Journal cover Journal topic
Geoscientific Model Development An interactive open-access journal of the European Geosciences Union
https://doi.org/10.5194/gmd-2017-19
© Author(s) 2017. This work is distributed under
the Creative Commons Attribution 3.0 License.
Model description paper
07 Mar 2017
Review status
A revision of this discussion paper was accepted for the journal Geoscientific Model Development (GMD) and is expected to appear here in due course.
Update of the SWIFT model for polar stratospheric ozone loss (SWIFT version 2)
Ingo Wohltmann, Ralph Lehmann, and Markus Rex Alfred Wegener Institute for Polar and Marine Research, Potsdam, Germany
Abstract. The SWIFT model is a fast scheme for calculating the chemistry of stratospheric ozone depletion in polar winter. It is intended for use in Global Climate Models (GCMs) and Earth System Models (ESMs) to enable the simulation of interactions between the ozone layer and climate. So far, climate models often use prescribed ozone fields, since a full stratospheric chemistry scheme is computationally very expensive. SWIFT is based on a set of coupled differential equations, which simulate the polar vortex averaged mixing ratios of the key species involved in polar ozone depletion on a given vertical level. These species are O3, active chlorine (ClOx), HCl, ClONO2 and HNO3. The only external input parameters that drive the model are the fraction of the polar vortex in sunlight and the fraction of the polar vortex below the temperatures necessary for the formation of polar stratospheric clouds. Here, we present an update of the SWIFT model introducing several improvements over the original model formulation. In particular, the model is now trained on vortex averaged reaction rates of the ATLAS Chemistry and Transport Model, which enables a detailed look at single processes and an independent validation of the different parameterizations for the single processes contained in the differential equations. The training of the original SWIFT model was based on fitting complete model runs to satellite observations and did not allow this. A revised formulation of the system of differential equations is developed, which closely fits vortex averaged reaction rates from ATLAS that represent the main chemical processes influencing ozone. In addition, a parameterization for the HNO3 change by denitrification is included. The rates of change of the concentrations of the chemical species of the SWIFT model are purely chemical rates of change in the new version, while the rates of change in the original SWIFT version included a transport effect caused by the original training on satellite data. Hence, the new version allows for an implementation into climate models in combination with an existing stratospheric transport scheme. Finally, the model is now formulated on several vertical levels encompassing the vertical range in which polar ozone depletion is observed. The results of the SWIFT model are validated with independent MLS satellite observations and the results of the original detailed chemistry model of ATLAS.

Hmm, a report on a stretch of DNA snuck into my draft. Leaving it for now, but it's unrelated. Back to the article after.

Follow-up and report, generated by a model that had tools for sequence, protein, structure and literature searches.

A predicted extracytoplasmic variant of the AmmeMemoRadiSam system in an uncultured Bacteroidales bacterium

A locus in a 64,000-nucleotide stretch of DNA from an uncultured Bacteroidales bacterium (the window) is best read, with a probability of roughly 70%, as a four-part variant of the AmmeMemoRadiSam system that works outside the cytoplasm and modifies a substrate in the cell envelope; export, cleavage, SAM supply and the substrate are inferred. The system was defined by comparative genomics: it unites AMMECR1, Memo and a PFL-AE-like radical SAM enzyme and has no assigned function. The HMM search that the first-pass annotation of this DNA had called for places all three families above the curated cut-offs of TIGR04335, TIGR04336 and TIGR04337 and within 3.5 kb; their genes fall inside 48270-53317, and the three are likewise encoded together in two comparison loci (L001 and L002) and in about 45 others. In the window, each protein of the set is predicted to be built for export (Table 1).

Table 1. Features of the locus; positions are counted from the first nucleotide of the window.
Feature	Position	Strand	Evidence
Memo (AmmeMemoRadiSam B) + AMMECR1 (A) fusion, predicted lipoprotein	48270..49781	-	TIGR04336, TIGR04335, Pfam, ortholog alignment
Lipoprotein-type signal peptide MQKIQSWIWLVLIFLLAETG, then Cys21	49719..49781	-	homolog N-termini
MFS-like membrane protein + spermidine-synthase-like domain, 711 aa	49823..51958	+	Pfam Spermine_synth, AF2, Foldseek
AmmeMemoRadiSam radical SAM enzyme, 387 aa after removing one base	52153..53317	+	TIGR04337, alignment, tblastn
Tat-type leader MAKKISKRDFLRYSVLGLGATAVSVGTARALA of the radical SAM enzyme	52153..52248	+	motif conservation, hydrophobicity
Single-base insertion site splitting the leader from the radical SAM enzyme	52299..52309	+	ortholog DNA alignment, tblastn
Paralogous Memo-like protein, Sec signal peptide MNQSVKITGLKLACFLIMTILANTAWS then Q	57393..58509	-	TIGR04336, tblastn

Citation: Wohltmann, I., Lehmann, R., and Rex, M.: Update of the SWIFT model for polar stratospheric ozone loss (SWIFT version 2), Geosci. Model Dev. Discuss., https://doi.org/10.5194/gmd-2017-19, in review, 2017.
Ingo Wohltmann et al.
Ingo Wohltmann et al.
Ingo Wohltmann et al.

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